Purple Goosefoot

Scleroblitum atriplicinum (F.Muell.) Ulbr.

Family: Chenopodiaceae

Names:

Purple Goosefoot - because the leaves are often tinged with purple.

Other Names:

Lamb's tongue - because the dark red seed peeps out from the surrounding fruiting structure and resembles a lamb's tongue.
Purple-leaved Goosefoot.
Starry Goosefoot

Summary:

Fleshy, annual herb.

Description:

Cotyledons:

Two.

Leaves:

Slightly fleshy, green or tinged with purple.
Stipules -
Petiole - long
Blade - Basal leaves are 50 mm or more long, with broad pointed 3 lobed tips. They can be variable in shape and are often oval or spear shaped with a tapering base.
Stem leaves - Shorter and narrower.

Stems:

Lie flat on the ground, bent upwards or upright.

Flower head:

Flowers:

3 mm long, stalkless, in dense clusters in leaf axils.
Ovary -
Calyx -
Perianth -
Sepals -
Petals -
Stamens -
Anthers -

Fruit:

Whitish when ripe. 3 mm long, with 4 segments partially enclosing the dark red seed.

Seeds:

Dark red.

Roots:

Key Characters:

Dark red seeds.

Biology:

Life cycle:

Annual.

Physiology:

Reproduction:

By seed.

Flowering times:

Spring.

Seed Biology and Germination:

Vegetative Propagules:

Hybrids:

Population Dynamics and Dispersal:

It is most abundant in winter and spring on flood plains after the water has receded and in years of high rainfall.

Origin and History:

Australian native?

Distribution:

ACT, NSW, QLD, SA, VIC.

Courtesy Australia's Virtual Herbarium.

Habitats:

Climate:

Soil:

Prefers clays and clay loams. Most abundant in moist depressions in flood plains.

Plant Associations:

Occurs over a wide range of vegetation types.

Significance:

Beneficial:

Winter/spring forage that is readily grazed.

Detrimental:

Toxic to sheep and cattle when young and succulent. Sheep are more sensitive than cattle. Mature plants appear to have little toxicity.

Toxicity:

Usually nitrate, but up to 3.5% (dry weight) calcium oxalate has been found. Mortalities have usually been recorded from July to October from stock grazing lush young growth.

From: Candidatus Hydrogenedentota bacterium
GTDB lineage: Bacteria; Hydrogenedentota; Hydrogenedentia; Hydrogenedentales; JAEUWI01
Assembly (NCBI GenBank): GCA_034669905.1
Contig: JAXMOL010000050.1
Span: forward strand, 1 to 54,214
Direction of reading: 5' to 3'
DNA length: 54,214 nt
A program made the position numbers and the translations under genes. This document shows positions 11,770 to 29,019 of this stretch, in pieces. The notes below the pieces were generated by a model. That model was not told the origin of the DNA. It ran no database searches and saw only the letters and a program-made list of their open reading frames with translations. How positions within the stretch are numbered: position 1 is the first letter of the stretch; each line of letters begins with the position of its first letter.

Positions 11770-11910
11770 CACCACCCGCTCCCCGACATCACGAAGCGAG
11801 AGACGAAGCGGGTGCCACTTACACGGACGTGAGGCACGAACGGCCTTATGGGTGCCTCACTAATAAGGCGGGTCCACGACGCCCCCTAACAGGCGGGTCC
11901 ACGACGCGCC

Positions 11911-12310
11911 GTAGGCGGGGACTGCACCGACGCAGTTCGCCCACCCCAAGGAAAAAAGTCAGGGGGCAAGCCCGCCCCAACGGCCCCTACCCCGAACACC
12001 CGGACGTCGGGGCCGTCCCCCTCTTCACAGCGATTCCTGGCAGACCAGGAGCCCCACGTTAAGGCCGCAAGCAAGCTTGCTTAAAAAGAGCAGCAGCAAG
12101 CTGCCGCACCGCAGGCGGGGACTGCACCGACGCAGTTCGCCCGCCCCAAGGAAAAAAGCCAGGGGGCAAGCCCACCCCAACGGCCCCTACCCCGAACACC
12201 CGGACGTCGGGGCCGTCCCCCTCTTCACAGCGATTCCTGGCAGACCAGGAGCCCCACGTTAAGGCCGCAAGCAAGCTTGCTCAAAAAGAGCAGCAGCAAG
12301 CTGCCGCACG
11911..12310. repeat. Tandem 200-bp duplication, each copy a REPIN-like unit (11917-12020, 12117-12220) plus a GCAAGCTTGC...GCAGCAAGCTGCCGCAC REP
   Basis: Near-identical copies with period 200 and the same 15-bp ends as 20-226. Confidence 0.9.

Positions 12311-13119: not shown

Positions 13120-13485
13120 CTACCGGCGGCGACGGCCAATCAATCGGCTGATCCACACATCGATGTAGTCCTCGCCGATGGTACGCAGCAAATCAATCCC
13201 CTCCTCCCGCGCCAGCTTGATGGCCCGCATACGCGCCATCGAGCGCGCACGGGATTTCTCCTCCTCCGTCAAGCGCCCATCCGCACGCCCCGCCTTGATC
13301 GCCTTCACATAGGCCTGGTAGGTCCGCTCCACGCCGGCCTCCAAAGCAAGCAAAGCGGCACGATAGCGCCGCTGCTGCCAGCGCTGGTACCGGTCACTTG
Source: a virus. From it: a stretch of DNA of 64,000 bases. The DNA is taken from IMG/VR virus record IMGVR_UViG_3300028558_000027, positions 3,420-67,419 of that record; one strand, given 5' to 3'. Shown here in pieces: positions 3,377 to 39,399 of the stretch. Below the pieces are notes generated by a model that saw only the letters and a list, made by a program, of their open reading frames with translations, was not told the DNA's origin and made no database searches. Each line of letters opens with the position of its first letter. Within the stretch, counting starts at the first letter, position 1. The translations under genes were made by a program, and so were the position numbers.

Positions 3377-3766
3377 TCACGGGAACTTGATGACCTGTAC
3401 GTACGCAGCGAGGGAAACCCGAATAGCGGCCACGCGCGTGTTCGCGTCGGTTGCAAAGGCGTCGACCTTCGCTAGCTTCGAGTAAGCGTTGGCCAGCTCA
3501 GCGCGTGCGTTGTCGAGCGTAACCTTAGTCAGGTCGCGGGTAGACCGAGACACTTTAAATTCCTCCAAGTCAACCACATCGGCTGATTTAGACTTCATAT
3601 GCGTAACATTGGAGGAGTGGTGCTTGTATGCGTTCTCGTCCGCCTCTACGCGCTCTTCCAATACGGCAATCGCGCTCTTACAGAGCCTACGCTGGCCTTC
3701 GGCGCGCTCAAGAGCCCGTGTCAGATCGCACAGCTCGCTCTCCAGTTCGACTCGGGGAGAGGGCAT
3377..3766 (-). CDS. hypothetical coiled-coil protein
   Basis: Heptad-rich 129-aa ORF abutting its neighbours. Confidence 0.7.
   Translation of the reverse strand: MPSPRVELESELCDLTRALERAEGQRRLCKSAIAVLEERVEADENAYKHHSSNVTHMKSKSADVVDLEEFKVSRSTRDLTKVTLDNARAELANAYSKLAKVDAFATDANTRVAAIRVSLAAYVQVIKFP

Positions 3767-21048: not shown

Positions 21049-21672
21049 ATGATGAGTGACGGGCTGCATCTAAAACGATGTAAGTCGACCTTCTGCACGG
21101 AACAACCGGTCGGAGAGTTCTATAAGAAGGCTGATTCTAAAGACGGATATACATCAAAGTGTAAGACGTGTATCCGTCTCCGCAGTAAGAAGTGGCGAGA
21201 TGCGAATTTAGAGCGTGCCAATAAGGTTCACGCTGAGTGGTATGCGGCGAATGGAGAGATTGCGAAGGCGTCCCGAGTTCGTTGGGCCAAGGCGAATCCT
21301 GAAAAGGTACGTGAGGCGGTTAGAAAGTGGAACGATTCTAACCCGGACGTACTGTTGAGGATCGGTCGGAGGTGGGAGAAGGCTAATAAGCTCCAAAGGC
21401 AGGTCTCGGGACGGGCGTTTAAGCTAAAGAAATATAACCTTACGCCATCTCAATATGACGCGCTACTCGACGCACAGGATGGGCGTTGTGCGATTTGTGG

Symptoms:

Arching of back, tucked up appearance, stiff stilted walk, dribbling green saliva, lung congestion, pericardial haemorrhage and inflammation of stomach, intestines and kidney . If driven after feeding on prolific growth they show overall debility and progressive weakness in hindquarters. Symptoms are worse after access to water.
Cattle may show protrusion of the rectum.
Possibly hypocalcaemia.

Treatment:

If Nitrate poisoning:
Sheep - Injection by vein of 6-10 mL of 1% methylene blue.
Cattle - Injection by vein of 100-200 mL of 1% methylene blue.
If Oxalate poisoning:
Sheep - Injection by vein (or under skin) of 30-100 mL of 20% calcium borogluconate. Supplement this with 0.25-1 L of limewater or 2-5 g chalk in water or 60-100 g Epsom salts in water by mouth.
Cattle - Injection by vein (or under skin) of 300-900 mL of 20% calcium borogluconate. Supplement this with 1-5 L of limewater or up to 50 g chalk in water or 250-500 g Epsom salts in water by mouth.

Legislation:

Management and Control:

Thresholds:

Eradication strategies:

Herbicide resistance:

Non reported.

Biological Control:

Related plants:

Plants of similar appearance:

Lamb's Tongue is used in Queensland to refer to Plantago varia, a very different plant.

References:

Cunningham, G.M., Mulham, W.E., Milthorpe, P.L. and Leigh, J.H. (1992). Plants of Western New South Wales. (Inkata Press, Melbourne). P280. Photo.

Everist, S.L. (1974). Poisonous Plants of Australia. (Angus and Robertson, Sydney). P145. Diagram.

Lazarides, M. and Hince, B. (1993). CSIRO handbook of economic plants of Australia. (CSIRO, Melbourne). #1108.1.

McBarron, E.J. (1983). Poisonous plants. (Inkata Press, Melbourne). P39. Diagram.

Acknowledgments:

Collated by HerbiGuide. Phone 08 98444064 or www.herbiguide.com.au for more information.